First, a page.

"Very friendly" meeting at White House seen as success for President Klaus


The Czech president, Vaclav Klaus, held his first meeting with US President George Bush at the White House on Tuesday. The visit, announced just one day in advance, is being seen as a real success for Mr Klaus, who was in Washington's bad books for some time over his stance on the Iraq war. Iraq was just one of many issues discussed by the two presidents, in what Mr Klaus described as "very friendly" talks.

Czech president Vaclav Klaus with US President George Bush, photo: CTKCzech president Vaclav Klaus with US President George Bush, photo: CTK "I think that relations between the Czech Republic and the United States are very, very positive, and this meeting was just a confirmation of that," said Vaclav Klaus, speaking as snow fell on the White House lawn on Tuesday. It had taken the Czech president a full two years to get there, after he angered Washington by questioning the war against Iraq.

Mr Klaus, describing relations between himself and the US president as friendly and pleasant, played down that dispute, which he described as definitely over and done with. He also said the whole thing had been very much "demonizovano" (demonised).

But Iraq was one of the main issues discussed by the two men, with George Bush keen to hear that the Czech Republic, unlike some European countries, was not planning to change its policy and withdraw its troops. The Czech president reassured him on this point, saying Czech soldiers would continue to train Iraqi police officers.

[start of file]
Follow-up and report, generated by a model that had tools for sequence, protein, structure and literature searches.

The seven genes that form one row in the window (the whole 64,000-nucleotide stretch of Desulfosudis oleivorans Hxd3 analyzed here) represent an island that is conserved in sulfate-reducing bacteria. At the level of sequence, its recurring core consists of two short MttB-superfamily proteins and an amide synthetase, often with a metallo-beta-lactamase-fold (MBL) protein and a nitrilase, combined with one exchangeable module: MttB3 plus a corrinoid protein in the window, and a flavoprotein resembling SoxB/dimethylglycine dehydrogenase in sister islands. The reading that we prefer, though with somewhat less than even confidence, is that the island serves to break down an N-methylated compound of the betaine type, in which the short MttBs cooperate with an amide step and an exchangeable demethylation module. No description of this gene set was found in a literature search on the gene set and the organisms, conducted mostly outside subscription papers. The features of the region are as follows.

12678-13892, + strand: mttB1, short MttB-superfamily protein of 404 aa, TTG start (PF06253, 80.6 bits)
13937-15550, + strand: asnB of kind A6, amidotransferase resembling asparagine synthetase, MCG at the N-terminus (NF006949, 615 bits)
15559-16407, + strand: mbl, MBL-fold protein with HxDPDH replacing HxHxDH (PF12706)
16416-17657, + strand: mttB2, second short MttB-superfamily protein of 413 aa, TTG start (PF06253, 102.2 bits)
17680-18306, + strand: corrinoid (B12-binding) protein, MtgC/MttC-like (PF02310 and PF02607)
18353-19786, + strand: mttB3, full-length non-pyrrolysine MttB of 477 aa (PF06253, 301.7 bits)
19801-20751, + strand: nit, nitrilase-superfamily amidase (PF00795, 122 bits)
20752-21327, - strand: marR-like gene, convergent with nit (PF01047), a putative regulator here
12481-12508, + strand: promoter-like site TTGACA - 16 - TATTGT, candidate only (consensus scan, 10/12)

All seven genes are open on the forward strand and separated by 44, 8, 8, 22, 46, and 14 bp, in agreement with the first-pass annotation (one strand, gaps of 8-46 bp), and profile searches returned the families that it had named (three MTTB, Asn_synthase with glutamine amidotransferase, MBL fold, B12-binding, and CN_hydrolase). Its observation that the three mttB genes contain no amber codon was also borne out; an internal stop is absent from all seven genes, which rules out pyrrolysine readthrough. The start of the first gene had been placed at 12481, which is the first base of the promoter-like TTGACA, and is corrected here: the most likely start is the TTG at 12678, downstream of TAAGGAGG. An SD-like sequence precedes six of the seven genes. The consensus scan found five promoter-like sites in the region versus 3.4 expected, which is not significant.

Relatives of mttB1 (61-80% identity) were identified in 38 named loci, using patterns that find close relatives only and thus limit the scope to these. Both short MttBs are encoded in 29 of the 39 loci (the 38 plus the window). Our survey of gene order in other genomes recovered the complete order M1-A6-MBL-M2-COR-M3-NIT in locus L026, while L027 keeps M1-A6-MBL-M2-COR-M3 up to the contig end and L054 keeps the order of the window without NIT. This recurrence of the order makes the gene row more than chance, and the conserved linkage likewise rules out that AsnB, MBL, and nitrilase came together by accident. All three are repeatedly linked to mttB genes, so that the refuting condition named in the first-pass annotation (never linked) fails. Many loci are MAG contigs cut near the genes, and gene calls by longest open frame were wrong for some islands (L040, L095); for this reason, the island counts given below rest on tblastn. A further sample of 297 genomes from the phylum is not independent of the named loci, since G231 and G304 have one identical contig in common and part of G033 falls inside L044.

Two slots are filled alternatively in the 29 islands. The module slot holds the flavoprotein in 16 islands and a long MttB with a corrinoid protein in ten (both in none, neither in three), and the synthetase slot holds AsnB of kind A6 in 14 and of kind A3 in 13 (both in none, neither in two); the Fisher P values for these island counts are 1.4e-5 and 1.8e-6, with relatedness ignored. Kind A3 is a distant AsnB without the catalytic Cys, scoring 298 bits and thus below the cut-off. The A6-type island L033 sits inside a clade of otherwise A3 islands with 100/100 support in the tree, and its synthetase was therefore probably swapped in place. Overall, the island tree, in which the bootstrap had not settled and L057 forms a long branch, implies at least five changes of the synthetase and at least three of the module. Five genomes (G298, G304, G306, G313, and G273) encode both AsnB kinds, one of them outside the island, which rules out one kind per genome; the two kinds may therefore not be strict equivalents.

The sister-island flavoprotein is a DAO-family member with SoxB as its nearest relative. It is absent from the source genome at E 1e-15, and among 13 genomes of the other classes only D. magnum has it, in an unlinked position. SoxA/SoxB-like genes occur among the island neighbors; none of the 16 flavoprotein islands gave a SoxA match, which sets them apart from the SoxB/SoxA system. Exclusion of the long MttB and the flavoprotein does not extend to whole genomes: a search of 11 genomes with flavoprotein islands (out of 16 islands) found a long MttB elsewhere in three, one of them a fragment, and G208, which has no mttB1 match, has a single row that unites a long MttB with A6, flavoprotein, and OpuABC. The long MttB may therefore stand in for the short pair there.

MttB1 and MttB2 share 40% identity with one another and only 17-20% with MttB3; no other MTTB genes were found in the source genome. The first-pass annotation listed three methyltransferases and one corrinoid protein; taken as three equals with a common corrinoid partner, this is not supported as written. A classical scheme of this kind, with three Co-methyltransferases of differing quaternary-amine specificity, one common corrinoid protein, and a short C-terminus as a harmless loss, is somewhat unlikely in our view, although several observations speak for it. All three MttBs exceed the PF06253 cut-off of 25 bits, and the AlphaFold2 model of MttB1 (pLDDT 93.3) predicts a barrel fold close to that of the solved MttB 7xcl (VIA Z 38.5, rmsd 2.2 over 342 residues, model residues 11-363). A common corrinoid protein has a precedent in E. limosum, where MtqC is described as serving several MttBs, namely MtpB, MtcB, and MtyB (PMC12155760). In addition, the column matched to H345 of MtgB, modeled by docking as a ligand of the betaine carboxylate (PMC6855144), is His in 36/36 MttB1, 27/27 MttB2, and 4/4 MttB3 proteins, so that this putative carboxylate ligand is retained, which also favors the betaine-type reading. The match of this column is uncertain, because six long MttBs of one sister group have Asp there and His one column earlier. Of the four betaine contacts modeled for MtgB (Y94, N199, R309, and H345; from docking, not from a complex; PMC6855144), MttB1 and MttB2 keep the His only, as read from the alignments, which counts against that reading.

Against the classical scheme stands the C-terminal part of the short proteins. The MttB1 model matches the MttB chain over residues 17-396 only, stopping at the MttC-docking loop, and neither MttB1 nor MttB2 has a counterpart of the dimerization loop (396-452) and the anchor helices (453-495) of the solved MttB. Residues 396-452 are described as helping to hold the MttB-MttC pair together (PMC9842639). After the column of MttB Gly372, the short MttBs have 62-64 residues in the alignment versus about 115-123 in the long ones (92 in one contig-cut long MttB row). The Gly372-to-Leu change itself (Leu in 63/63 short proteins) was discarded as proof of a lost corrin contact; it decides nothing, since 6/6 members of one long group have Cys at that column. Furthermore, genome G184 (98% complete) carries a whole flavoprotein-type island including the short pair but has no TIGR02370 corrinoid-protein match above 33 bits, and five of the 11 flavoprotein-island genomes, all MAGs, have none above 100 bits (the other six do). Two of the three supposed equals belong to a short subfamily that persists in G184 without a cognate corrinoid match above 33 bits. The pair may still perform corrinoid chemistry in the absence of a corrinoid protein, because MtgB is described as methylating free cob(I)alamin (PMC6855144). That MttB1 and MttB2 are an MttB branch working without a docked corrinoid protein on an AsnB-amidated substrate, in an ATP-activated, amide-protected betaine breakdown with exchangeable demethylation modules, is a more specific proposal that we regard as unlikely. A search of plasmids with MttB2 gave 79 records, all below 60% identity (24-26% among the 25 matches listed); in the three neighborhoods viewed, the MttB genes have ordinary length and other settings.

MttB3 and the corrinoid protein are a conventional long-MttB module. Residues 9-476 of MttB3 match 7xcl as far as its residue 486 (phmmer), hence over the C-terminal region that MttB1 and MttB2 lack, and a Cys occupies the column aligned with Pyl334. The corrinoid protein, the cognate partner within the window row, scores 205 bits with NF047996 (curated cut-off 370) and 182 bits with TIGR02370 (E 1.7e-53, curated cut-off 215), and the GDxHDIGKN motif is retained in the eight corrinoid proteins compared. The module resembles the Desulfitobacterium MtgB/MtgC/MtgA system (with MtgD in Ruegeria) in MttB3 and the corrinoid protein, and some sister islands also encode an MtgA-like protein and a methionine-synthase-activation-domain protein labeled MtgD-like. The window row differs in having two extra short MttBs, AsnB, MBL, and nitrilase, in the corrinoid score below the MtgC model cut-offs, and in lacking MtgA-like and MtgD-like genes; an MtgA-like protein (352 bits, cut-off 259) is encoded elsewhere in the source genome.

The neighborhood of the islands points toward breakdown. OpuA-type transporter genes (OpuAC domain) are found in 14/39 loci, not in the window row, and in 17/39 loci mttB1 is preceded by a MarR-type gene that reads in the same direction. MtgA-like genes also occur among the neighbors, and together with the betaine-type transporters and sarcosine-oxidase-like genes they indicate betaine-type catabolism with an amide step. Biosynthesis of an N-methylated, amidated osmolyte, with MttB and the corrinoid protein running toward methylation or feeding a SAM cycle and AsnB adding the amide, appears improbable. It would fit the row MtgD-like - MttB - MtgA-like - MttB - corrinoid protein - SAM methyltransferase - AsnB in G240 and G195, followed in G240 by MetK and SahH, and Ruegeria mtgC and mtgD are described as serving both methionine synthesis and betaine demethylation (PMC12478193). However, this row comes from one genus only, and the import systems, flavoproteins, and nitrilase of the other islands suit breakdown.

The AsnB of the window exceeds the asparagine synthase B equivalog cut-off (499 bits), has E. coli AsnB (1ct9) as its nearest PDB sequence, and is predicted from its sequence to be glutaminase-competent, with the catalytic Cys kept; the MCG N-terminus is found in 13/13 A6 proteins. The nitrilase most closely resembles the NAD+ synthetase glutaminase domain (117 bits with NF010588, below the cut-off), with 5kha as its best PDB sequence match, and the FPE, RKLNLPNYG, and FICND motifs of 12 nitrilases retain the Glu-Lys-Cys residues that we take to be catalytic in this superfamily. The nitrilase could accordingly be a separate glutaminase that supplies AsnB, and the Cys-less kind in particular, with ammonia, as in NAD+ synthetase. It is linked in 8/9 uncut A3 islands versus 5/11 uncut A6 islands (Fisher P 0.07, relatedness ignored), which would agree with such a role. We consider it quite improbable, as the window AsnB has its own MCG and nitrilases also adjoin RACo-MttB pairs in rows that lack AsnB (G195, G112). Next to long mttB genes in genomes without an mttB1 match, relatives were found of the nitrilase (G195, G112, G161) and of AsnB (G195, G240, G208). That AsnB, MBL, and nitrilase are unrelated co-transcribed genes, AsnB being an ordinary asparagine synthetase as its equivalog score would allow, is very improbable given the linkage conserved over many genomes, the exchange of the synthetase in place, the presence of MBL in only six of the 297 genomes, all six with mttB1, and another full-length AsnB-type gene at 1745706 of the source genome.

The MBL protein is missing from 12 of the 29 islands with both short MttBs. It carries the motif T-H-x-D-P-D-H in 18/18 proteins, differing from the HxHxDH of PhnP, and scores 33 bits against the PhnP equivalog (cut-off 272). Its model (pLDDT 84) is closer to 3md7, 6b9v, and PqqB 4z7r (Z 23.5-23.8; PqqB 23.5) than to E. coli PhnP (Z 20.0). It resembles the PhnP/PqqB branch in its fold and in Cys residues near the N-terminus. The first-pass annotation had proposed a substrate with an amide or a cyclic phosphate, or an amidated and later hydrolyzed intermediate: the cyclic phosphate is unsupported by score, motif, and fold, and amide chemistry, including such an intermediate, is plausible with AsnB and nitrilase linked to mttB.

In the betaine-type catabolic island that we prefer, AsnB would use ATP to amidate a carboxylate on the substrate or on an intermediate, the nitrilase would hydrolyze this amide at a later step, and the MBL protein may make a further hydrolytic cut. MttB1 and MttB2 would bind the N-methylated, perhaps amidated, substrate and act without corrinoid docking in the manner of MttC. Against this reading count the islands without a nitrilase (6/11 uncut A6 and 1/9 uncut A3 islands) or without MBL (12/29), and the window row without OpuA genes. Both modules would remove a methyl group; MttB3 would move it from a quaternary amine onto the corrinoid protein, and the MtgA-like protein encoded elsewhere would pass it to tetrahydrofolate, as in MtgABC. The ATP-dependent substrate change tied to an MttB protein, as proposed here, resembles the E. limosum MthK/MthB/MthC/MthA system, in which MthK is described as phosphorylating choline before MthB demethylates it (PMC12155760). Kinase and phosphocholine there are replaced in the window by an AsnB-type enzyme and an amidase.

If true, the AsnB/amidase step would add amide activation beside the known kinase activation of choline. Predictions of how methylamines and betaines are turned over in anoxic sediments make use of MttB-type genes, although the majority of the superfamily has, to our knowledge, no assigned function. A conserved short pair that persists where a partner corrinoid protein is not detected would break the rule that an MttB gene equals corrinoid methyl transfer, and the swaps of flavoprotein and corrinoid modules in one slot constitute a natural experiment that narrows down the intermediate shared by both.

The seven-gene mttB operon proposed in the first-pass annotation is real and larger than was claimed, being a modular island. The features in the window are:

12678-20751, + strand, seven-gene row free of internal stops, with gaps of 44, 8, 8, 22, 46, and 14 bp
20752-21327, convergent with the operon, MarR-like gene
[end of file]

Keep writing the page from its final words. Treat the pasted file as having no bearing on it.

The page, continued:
Iran, Syria and security in the Middle East were also on the agenda during Tuesday's talks. But one subject which would perhaps have been of more interest to many in the Czech Republic - if and when Washington will drop visa requirements for Czechs travelling to the US - did not come up.

Vaclav Klaus promotes his book 'On the Road to Democracy', photo: CTKVaclav Klaus promotes his book 'On the Road to Democracy', photo: CTK Two weeks ago when Messrs Klaus and Bush met in Brussels, the former surprised many by saying the US president had asked about the political crisis in the Czech Republic, where the government has been shaken by a financial scandal.

Again on Tuesday George Bush raised the matter, and was curious to know why Vaclav Klaus didn't just call early elections. Mr Klaus explained that the Czech constitution precluded such a move.

Vaclav Klaus's meeting at the Oval Office was described as a "working visit", coming as it did during a tour to promote his book "On the Road to Democracy". But even though it was not on the level of official state visit, it is being seen as a real triumph for the Czech president. One newspaper, Mlada fronta Dnes, described it as his "greatest diplomatic success".

Mr Klaus pointed out to that daily that the meeting had lasted "almost 40 minutes" though it had only been scheduled to last half an hour, which would seem to indicate how much meeting Mr Bush at the White House meant to him personally.